The objectives of the study were to present a new approach for nerve-sparing radical hysterectomy (NSRH) with the assistance of magnifying lenses and to describe the differences in autonomic nerve plexus trauma between NSRH type III and conventional radical hysterectomy (RH) types II and III with the aid of immunohistochemistry. Eighteen women with FIGO stage IB1–IB2 cervical cancer underwent loupes-assisted NSRH (n= 8), RH type II (n= 6), and RH type III (n= 4). Biopsies were taken intraoperatively from uterosacral ligament (USL) and cardinal ligament (CL), as well as from anterior vaginal wall (AVW) and posterior vaginal wall (PVW). Immunohistochemistry was approached with the use of S-100 protein, a general nerve marker. The percentage area of immunoreactivity (PAI) was used as an objective quantitative measure of nerve fibers within the ligaments. The PAI was greater in RH-III biopsies from both USL and CL (P< 0.001) when compared with RH-II and NSRH biopsies. For AVW and PVW, PAI differences were not statistically significant (AVW, P= 0.119; PVW, P= 0.067). Uterine-supporting ligaments represent a major pathway for autonomic nerves to the pelvic organs. As significantly more autonomic nerves are transected during the division of the uterine-supporting ligaments in RH type III, a more careful approach in the dissection of the ligaments through nerve-preserving techniques seems to be necessary in order to prevent iatrogenic intraoperative injury of the pelvic plexus and reduce or prevent postoperative complications.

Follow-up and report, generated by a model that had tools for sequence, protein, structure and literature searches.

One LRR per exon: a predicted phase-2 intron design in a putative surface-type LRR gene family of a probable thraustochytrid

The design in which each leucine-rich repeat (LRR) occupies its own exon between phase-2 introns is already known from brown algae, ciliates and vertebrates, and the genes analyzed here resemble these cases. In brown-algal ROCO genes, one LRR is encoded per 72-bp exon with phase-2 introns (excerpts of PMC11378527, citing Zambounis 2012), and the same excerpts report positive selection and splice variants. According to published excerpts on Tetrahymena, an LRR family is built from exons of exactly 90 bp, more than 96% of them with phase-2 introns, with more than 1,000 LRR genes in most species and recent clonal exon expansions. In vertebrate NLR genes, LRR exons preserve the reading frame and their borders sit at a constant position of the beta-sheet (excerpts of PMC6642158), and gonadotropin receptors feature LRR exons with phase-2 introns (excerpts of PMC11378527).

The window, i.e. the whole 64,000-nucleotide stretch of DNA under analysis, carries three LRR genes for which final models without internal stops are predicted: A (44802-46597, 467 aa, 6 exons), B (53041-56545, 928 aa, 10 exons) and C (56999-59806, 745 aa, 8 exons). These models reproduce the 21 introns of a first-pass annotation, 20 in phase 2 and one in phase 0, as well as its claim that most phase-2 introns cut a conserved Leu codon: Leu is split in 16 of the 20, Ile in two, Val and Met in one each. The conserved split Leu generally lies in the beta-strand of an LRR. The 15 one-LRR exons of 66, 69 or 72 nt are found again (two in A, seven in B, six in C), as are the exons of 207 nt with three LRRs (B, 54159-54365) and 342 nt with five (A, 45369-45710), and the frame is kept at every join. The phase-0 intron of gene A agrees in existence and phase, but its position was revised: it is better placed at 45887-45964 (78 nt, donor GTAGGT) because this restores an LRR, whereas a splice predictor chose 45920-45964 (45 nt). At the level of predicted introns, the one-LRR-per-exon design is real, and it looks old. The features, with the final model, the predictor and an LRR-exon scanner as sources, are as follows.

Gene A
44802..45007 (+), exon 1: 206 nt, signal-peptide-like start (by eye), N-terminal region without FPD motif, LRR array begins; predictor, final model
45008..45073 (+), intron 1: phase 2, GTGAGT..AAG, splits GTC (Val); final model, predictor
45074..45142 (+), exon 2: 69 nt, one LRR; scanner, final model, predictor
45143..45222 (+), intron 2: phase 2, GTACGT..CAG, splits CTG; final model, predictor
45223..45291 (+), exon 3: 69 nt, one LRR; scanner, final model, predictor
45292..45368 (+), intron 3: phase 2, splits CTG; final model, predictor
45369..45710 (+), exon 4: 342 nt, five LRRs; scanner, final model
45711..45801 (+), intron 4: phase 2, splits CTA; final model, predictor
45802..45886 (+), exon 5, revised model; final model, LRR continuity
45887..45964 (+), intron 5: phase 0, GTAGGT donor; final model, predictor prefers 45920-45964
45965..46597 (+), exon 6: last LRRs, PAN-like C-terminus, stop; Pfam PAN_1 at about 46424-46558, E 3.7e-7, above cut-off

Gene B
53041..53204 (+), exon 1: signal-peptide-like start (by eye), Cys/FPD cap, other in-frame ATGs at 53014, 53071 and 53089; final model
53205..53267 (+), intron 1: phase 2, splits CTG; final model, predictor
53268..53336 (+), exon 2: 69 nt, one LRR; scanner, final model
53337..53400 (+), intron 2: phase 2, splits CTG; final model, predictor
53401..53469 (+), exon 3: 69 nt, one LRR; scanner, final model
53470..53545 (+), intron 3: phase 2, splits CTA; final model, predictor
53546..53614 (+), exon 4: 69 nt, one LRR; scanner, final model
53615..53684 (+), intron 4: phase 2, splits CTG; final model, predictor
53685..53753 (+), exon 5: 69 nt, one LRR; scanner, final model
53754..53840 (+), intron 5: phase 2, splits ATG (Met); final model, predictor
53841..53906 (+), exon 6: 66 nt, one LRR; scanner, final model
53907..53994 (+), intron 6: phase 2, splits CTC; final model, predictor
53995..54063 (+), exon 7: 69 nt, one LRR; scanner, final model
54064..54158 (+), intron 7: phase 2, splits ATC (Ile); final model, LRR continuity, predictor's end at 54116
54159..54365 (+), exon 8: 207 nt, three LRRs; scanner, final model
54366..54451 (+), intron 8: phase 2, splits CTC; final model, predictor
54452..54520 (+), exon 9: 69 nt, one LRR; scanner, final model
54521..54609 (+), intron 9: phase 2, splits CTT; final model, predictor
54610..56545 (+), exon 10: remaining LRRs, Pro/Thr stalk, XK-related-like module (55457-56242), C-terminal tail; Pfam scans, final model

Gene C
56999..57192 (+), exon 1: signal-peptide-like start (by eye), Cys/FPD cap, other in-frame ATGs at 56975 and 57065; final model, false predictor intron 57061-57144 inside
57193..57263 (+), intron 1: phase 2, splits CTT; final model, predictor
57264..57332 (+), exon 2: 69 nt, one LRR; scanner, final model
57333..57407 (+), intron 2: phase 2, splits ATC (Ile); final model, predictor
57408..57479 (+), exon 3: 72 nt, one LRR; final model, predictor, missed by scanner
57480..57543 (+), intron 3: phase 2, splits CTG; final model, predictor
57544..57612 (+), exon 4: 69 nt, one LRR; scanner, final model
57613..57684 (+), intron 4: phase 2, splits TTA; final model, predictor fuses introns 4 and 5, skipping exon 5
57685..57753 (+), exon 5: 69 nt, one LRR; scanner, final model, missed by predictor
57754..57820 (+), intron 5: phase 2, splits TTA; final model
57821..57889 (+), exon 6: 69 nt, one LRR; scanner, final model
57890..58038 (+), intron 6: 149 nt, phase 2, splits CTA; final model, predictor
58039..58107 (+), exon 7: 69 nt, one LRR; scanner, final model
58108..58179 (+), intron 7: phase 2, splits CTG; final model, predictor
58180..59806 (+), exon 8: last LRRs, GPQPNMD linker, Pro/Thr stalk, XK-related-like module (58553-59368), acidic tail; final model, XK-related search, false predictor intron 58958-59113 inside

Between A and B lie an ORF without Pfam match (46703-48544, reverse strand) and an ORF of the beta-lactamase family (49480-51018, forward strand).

- cardinal ligament
- nerve-sparing radical hysterectomy
- pelvic plexus
- uterosacral ligament
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